According to a 2021 University of Regina study, 19 percent of Saskatchewan’s population lives in poverty. The child poverty rate, at 26 percent, is the second highest rate in the country.
Poverty involves a complex array of risk factors that adversely affect the population in a multitude of ways, including:
-Emotional and social challenges.
-Acute and chronic stressors.
-Health and safety issues.
The Ministry of Social Services said that in August, 35,525 people were on income supports. Of those, 18,590 were on Saskatchewan Assured Income for Disability (SAID) and the remaining on Saskatchewan Income Support (SIS).
Poverty reduction is about ensuring that all people living in Saskatchewan have the right resources to be healthy and to thrive, to feel included and to feel they have control of their lives.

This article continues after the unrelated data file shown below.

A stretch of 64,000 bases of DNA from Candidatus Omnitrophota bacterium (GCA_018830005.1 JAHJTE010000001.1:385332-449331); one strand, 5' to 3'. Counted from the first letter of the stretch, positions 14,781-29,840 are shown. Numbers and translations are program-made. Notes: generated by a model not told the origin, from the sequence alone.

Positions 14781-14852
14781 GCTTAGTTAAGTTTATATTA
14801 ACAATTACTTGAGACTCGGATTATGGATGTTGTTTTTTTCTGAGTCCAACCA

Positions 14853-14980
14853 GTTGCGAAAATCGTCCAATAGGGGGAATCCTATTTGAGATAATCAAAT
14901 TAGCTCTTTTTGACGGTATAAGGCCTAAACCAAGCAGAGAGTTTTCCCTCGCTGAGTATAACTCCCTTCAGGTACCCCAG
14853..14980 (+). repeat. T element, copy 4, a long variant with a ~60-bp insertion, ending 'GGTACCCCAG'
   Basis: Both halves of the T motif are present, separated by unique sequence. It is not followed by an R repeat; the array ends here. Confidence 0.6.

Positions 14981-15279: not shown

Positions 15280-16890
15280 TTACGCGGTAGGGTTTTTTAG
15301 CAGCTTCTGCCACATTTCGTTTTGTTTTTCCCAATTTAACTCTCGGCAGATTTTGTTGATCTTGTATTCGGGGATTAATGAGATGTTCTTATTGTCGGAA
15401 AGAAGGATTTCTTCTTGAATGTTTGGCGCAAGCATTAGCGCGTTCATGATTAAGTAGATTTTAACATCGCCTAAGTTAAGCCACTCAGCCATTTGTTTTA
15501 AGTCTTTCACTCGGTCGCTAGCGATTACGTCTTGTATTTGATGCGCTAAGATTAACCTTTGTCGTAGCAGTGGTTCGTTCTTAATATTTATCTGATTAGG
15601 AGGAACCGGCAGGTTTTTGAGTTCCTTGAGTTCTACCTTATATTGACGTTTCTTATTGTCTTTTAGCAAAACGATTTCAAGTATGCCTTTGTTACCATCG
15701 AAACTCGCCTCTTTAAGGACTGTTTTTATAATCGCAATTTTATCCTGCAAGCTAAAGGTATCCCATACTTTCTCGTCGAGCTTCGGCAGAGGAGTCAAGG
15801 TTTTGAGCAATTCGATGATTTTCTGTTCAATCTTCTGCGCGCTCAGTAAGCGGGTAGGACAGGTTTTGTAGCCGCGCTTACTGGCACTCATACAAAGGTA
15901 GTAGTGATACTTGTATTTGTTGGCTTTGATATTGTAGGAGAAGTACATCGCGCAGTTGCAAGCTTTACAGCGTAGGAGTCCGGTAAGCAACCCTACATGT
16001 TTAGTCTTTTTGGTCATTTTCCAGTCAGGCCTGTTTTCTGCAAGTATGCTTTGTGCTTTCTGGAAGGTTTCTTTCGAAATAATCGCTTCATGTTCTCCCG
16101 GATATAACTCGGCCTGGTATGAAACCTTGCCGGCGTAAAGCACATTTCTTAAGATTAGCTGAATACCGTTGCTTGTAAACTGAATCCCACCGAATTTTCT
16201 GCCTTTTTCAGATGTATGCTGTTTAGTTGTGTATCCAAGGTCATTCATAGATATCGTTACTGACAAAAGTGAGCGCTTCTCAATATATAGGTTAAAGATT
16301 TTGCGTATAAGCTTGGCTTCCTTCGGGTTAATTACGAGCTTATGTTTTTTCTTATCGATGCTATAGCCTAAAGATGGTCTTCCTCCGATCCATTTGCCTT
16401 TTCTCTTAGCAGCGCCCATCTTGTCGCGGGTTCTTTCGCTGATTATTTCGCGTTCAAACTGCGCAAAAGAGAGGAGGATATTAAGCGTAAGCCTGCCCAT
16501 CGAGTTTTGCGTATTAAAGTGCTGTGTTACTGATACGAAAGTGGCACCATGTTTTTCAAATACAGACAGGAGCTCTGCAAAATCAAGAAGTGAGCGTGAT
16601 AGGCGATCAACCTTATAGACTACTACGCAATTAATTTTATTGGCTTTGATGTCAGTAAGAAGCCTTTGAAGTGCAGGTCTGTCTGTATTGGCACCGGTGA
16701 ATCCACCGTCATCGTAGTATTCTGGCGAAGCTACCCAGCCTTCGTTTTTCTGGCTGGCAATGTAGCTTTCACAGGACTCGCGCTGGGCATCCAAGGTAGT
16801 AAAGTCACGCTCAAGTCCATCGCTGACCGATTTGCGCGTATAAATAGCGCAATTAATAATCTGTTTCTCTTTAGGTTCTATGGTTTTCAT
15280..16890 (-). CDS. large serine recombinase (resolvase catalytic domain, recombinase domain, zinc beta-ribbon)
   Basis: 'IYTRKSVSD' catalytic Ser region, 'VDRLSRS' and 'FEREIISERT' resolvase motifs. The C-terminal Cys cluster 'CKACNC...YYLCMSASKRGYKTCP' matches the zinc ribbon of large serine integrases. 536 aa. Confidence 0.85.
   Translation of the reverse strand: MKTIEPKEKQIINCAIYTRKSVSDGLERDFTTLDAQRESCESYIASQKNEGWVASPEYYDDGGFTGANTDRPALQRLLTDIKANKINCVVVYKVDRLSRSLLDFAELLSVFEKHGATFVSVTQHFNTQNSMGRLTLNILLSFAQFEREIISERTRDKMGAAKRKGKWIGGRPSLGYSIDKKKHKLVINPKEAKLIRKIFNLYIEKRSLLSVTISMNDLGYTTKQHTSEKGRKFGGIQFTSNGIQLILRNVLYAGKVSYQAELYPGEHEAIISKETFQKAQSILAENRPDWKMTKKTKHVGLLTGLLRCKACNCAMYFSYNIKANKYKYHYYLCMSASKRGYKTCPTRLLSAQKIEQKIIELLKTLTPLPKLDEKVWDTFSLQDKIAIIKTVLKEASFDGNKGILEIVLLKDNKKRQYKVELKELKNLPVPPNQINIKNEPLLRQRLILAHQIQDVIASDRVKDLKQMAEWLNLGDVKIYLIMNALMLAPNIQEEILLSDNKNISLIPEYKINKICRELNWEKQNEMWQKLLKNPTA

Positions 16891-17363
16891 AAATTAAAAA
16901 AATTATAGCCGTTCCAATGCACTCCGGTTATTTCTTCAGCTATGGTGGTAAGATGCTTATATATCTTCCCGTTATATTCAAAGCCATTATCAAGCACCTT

Groups like the Anti-Poverty Ministry work in our community to help the unhoused find a home and to address the issues that prevent one from renting or buying. These issues included: discriminatory advertising for rental accommodation; landlords refusing to rent to people in receipt of public assistance; and income or damage deposit requirements that, in effect, prohibit those in receipt of public assistance from obtaining housing. People in these situations are especially vulnerable to becoming homeless if they are evicted, so they are often hesitant to complain on an individual basis.
As part of URSU’s commitment to becoming a collaborative partner in your holistic student life, we continue to provide quality supports, services, opportunities, and advocacy, to ensure that all students have a fun, safe and healthy University experience. URSU and community associations have set up community fridges and pantry days to give people judgment-free access to free food. The URSU Thrifts program has expanded from offering just clothing to giving students and community members to get household items and school supplies at no cost. URSU will continue to find ways to feed hungry students while also helping those who help so many in our city and province.